Carney warned against delay
Bosses urge Bank of England to raise interest rate
Minutes of the Bank’s Monetary Policy Committee meeting last month show there was a unanimous vote to leave the rate unchanged at 0.5% amid fears of stoking inflation.
Governor Mark Carney (pictured) has indicated that the rate may rise at the end of the year.
But the Institute of Directors’ chief economist, James Sproule, says the Bank needs to start “normalising” the rate now.
“Now, more than ever, is the time to start normalising interest rates. Extraordinary low interest rates were justified when our economy was in the doldrums. Now that is no longer the case, the Bank of England needs to reassess its policy,” he said.
“With the UK leading the G7 in terms of growth, and unemployment low and wages rising at their fastest rate since before the crash, our economy is well-placed to start bringing interest rates back to a more normal level.
“Inflation may be hovering around zero, but for monetary policy to be effective, interest rates need to be at a level where they can, if needed, stimulate the economy. Quantitative Easing should not be seen as a substitute for a long term policy on interest rates.”
Mr Sproule added: “The longer interest rates languish at a historic low, the harder it will be for Mark Carney to raise them ‘slowly and gradually’. The earlier the process of normalising rates starts, the smoother the course will be, and the longer the economy will have to adjust and prepare. If rates do not begin to return to a more sustainable level soon, the Bank of England will be defenceless when the next crisis strikes, and unable to support the economy by shifts in monetary policy.”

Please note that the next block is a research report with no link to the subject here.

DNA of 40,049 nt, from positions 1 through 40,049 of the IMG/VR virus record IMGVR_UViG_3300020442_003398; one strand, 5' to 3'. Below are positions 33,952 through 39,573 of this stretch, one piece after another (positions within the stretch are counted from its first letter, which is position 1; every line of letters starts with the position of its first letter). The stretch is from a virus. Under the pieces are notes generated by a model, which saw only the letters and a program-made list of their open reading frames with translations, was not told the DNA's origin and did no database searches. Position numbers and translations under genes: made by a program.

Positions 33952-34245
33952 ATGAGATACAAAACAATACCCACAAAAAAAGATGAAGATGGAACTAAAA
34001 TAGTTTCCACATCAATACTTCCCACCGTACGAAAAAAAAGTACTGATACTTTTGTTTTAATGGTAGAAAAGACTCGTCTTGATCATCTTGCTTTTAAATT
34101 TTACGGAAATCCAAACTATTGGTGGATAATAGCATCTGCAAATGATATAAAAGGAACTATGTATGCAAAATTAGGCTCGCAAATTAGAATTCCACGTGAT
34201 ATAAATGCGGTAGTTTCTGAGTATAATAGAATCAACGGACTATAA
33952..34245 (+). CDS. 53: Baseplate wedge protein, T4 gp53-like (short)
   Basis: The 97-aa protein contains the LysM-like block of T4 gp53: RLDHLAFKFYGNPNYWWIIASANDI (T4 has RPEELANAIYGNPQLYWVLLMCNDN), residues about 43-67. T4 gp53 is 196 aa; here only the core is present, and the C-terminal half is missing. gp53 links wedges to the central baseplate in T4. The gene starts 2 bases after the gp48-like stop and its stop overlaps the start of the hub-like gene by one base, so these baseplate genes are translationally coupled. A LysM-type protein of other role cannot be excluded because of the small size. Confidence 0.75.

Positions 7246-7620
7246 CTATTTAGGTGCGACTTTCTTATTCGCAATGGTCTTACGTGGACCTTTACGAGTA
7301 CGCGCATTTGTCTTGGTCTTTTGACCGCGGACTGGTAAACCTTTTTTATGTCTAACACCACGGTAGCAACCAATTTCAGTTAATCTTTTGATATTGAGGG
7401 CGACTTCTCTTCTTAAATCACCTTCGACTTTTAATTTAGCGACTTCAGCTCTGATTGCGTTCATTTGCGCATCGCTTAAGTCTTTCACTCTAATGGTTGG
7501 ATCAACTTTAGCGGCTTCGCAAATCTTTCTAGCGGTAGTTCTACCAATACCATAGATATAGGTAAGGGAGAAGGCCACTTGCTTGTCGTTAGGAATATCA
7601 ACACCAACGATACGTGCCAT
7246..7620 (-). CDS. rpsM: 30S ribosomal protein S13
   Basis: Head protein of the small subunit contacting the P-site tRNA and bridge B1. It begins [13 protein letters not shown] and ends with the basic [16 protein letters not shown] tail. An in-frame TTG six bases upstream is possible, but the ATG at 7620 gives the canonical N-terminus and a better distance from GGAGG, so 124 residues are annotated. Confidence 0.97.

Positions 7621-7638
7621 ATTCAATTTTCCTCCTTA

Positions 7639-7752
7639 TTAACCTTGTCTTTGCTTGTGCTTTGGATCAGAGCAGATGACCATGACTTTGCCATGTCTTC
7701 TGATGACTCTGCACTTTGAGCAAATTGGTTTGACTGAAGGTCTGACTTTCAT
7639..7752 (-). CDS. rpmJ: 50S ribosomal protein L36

Calum Bennie, savings expert at Scottish Friendly said a rise by the end of the year was becoming increasingly likely.
“We are currently sitting at amber. The committee can see the road ahead is clear, but do not want to jump the light on a rate rise too early” he said.
“Concerns around the balance between external price pressure and domestic costs, as well as the fragility of the European market, is keeping the committee firmly in neutral at this stage.
“The Governor’s comments last week that interest rates might rise before the end of the year, when put into this context, now look even more likely to materialise. The question is whether economic growth – which is certainly recovering – is enough to support the increase in wages relative to productivity and can be sustained in light of current global risks.
“An interest rate move looks to be on the immediate horizon, around the end of the year. While rate rises will be modest, borrowers will still need to baton down the hatches and get prepared for rising costs. Those that can, should put money aside now and prepare. The winter is coming.”
David Lamb, head of dealing at the forex specialists Fexco, said: “Many Sterling cheerleaders had been prepared for an unchecked bull run in the event of a split MPC vote.
“And while some will feel a pang of disappointment that the committee’s hawks kept silent at the July meeting, there is every reason to suspect that this will be the last unanimous vote against an interest rate rise.”